The MIT Integrated Global System Model is used to make probabilistic projections of climate change from 1861 to 2100. Since the model’s first projections were published in 2003 substantial improvements have been made to the model and improved estimates of the probability distributions of uncertain input parameters have become available. The new projections are considerably warmer than the 2003 projections, e.g., the median surface warming in 2091 to 2100 is 5.1oC compared to 2.4oC in the earlier study. Many changes contribute to the stronger warming; among the more important ones are taking into account the cooling in the second half of the 20th century due to volcanic eruptions for input parameter estimation and a more sophisticated method for projecting GDP growth which eliminated many low emission scenarios. However, if recently published data, suggesting stronger 20th century ocean warming, are used to determine the input climate parameters, the median projected warning at the end of the 21st century is only 4.1oC. Nevertheless all our simulations have a very small probability of warming less than 2.4oC, the lower bound of the IPCC AR4 projected likely range for the A1FI scenario, which has forcing very similar to our median projection. The probability distribution for the surface warming produced by our analysis is more symmetric than the distribution assumed by the IPCC due to a different feedback between the climate and the carbon cycle, resulting from a different treatment of the carbon-nitrogen interaction in the terrestrial ecosystem.
The MIT Integrated Global System Model is used to make probabilistic projections of climate change from 1861 to 2100. Since the model’s first projections were published in 2003 substantial improvements have been made to the model and improved estimates of the probability distributions of uncertain input parameters have become available. The new projections are considerably warmer than the 2003 projections, e.g., the median surface warming in 2091 to 2100 is 5.1°C compared to 2.4°C in the earlier study.
There is always a lot of uncertainty in these things, but the credible work is all moving towards much larger effects than were projected a few years ago. Specifically these folks suggest a 9% change of warming more than 7 degrees C and a 1% chance that it will be less than 3 degrees C. by 2100. Most scientists would suggest 3 degrees C is borderline catastrophic and 5 degrees is catastrophic.
The level of scientific worry has greatly increased since IPCC, but the public will to do anything substantial is low and falling. Hopefully there is enough political will to make the necessary major changes worldwide.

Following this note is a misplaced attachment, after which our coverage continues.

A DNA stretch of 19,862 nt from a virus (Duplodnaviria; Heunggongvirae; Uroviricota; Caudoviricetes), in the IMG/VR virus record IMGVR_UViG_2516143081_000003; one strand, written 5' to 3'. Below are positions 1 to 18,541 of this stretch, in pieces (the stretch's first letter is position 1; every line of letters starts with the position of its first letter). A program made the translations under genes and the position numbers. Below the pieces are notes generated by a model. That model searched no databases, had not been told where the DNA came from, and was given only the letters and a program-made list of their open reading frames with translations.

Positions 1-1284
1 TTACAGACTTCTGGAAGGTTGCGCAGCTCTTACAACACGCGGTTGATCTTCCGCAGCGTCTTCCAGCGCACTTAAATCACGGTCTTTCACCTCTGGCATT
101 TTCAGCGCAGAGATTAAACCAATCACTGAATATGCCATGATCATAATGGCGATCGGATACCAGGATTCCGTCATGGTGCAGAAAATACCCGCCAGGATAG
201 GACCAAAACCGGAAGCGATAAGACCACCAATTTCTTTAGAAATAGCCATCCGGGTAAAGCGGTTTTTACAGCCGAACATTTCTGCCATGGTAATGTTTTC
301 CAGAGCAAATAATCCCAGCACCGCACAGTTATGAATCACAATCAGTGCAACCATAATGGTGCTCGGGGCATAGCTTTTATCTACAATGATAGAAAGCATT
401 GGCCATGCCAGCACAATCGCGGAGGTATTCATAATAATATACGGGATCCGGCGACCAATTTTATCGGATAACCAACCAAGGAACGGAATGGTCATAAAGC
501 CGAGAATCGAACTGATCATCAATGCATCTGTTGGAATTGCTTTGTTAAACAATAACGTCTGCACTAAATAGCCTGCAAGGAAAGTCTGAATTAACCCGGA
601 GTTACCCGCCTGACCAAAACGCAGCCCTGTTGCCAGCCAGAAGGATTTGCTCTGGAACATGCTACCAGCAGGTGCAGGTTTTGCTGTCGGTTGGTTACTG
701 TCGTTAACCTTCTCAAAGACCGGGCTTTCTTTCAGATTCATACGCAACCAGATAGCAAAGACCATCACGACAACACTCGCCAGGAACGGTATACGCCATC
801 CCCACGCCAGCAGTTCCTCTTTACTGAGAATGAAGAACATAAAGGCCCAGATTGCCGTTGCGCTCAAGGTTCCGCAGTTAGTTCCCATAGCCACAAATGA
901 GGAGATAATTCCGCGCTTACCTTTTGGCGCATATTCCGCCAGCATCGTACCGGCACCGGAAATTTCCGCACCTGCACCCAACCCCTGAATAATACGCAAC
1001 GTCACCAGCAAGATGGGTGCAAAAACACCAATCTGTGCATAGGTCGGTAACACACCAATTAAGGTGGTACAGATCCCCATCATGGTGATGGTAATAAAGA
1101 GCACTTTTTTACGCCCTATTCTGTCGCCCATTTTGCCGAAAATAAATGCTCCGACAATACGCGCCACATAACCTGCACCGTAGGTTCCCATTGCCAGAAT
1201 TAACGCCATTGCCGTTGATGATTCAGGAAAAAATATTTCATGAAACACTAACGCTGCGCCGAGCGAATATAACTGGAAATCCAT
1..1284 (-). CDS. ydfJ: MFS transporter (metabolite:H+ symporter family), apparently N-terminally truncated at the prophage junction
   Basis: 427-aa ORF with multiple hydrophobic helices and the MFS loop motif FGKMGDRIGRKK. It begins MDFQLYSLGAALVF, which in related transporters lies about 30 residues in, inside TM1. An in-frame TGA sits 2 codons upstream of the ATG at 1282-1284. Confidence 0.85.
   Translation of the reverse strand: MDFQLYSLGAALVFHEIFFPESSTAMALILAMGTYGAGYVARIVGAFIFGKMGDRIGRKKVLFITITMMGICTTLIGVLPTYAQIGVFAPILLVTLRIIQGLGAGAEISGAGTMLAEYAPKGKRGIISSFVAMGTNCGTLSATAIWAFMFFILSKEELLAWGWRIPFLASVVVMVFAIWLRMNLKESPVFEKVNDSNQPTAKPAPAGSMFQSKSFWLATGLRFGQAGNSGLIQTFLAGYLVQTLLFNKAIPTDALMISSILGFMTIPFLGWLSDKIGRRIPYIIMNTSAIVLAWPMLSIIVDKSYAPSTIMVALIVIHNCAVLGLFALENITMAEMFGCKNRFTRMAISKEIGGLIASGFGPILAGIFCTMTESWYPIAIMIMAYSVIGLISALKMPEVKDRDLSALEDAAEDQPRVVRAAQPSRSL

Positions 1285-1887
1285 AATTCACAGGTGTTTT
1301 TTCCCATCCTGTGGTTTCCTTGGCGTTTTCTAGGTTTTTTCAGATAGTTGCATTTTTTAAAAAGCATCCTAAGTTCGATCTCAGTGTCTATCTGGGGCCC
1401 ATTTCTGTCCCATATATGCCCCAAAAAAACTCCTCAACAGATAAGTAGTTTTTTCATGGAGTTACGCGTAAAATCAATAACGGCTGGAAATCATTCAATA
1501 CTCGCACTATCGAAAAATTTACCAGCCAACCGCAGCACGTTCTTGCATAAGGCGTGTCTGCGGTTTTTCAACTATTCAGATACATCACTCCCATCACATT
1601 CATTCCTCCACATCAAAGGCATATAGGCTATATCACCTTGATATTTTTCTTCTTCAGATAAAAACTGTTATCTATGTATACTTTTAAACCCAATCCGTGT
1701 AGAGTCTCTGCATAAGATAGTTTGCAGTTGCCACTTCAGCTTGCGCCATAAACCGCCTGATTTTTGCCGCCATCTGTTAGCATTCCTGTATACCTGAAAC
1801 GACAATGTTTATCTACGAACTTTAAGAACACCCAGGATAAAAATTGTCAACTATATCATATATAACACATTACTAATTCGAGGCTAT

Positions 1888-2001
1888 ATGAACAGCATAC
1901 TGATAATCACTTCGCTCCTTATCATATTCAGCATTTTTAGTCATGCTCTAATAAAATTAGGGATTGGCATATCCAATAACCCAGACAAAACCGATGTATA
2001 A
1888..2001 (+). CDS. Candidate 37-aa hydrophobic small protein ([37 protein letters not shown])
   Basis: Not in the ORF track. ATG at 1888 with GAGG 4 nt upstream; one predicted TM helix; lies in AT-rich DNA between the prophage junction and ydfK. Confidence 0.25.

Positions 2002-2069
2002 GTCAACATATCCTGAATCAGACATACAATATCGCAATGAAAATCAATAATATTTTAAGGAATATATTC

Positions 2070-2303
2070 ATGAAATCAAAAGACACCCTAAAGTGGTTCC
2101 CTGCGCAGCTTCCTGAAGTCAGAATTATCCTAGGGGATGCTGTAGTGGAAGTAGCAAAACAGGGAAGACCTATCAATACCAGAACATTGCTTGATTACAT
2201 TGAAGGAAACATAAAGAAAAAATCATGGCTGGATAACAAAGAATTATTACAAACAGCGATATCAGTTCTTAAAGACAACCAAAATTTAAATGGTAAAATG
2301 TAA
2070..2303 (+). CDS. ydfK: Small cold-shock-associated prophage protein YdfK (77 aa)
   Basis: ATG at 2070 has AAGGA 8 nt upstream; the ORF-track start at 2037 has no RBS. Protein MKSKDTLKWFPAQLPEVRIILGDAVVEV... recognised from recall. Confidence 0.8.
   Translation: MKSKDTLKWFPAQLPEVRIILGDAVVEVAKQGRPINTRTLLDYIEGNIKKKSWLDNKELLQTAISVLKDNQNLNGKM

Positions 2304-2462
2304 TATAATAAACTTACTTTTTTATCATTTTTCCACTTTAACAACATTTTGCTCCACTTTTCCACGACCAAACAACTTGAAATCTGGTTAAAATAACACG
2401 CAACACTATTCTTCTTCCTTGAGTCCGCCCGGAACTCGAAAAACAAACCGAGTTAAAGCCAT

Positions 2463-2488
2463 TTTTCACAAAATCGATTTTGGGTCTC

Imagine giving millions of American families tax free rebates of thousands of dollars a year ($5k to $10k would be common) and making a big dent on obesity. It has been demonstrated in other parts of the world, but it may be politically impossible in America.
We've mentioned John Pucher of Rutgers. He has done public policy studies on human powered transportation for some time and has carefully sorted out why biking works in Northern Europe and not in the US. Recently he put together a three part summary in Momentum Magazine
part three on training (cyclists and drivers) and restricting cars
He argues that a systematic approach is needed to make biking a mainstream activity. The countries where biking is practical spent decades getting there. It is possible in the US and some cities are going in that direction, but baring dramatic external forces (say $10 gallon gasoline), it seems unlikely that widespread bike use in coming anytime soon.
Cycling remains a marginal mode of transport in most North American cities because it is widely viewed as requiring special equipment and training, physical fitness, and the courage and willingness to battle with motor vehicles on streets without separate bike lanes or paths. Cycling is a mainstream mode of urban travel in Northern Europe precisely because it does not require any of those things.
Providing safe and convenient rights of way is the most important element in making cycling possible for everyone, but it alone is not sufficient. The remaining two articles in this series examine other, complementary and necessary policies.
There are clearly health and family-level economic benefits if you can bike safely and can shed a car. A few towns and cities are moving in that direction, but try to present some of these ideas to your local city council.
Perhaps a marketing approach is necessary. In the early sixties motorcycles were considered unrespectable. Something big, noisy and ridden by someone you wouldn't want your kids to know. Honda had a brilliant ad campaign to introduce a very small 50cc motorcycle - "You Meet the Nicest People on a Honda"
Bikes seen to be used for recreation rather than utility in the US. Bicycle companies sponsor racing, but this only addresses a small segment of the population. I haven't seen the message that regular people can use bikes for some of their trips.
Making a real dent in a land where the car is so entrenched is tough sledding and I would imagine any policies that severely discourage cars are non-starters. If biking can be made safer through bike paths and better intersections, perhaps a larger segment of the population would use them. It may be possible to have a larger positive impact than high speed rail would give for a fraction of the cost and with the added benefit of a healthier population.